“I suppose if I were younger, I would be investing in Africa.”
What Robertson is saying is that there is profit for an investor in going to where the competition is weak. Competing in markets that are less well-researched give an investor who does their research an advantage. Berkshire Hathaway’s
Charlie Munger was once asked who he was most thankful for in all his life. He answered that he was as most thankful for his wife Nancy’s previous husband. When asked why this was true he said: “Because he was a drunk. You need to make sure the competition is weak.”
Munger’s colleague Warren Buffett makes the point that the way to beat Bobby Fischer is to play him at something other than chess. Buffett adds: “The important thing is to keep playing, to play against weak opponents and to play for big stakes.” And: “If you’ve been playing poker for half an hour, and you still don’t know who the patsy is, you’re the patsy.”
Some investors try to find a market or a part of a market where you aren’t the patsy if you want to outperform an index.
3. “I believe that the best way to manage money is to go long and short stocks. My theory is that if the 50 best stocks you can come up with don’t outperform the 50 worst stocks you can come up with, you should be in another business.”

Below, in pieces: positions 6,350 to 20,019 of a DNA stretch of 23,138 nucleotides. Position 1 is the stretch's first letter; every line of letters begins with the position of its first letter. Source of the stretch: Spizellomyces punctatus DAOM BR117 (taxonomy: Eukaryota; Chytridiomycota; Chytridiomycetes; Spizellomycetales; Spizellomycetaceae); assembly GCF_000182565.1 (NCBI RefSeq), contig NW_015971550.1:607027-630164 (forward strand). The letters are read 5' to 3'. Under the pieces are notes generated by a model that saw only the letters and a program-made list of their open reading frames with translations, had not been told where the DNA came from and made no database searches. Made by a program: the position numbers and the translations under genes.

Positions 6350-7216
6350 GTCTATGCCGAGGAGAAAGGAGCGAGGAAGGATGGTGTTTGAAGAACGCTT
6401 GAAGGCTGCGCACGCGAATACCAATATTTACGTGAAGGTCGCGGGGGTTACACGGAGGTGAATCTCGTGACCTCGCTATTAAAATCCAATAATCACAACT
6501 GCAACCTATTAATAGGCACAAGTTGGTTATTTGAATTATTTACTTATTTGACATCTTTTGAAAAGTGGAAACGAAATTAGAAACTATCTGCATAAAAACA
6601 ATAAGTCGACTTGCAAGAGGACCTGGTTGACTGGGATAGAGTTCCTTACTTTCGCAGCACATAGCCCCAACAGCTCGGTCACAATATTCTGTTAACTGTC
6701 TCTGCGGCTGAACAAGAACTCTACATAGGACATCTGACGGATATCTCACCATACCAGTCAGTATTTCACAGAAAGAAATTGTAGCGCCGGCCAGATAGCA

The investing strategy being referred to here is a so-called “long-short” approach in which long and short positions are taken in various stocks to try to hedge exposure to the broader market, which makes gains more associated with solid stocking picking.
This approach is actually involves an attempt to hedge exposure to the market, unlike some hedge fund strategies that involve no real hedging at all. When Robertson started using this a long-short approach, it was less popular; short bets especially were more likely to be mispriced than they are today.
Many of Robertson’s so-called “Tiger Cubs” — his proteges — continue to do long-short investing.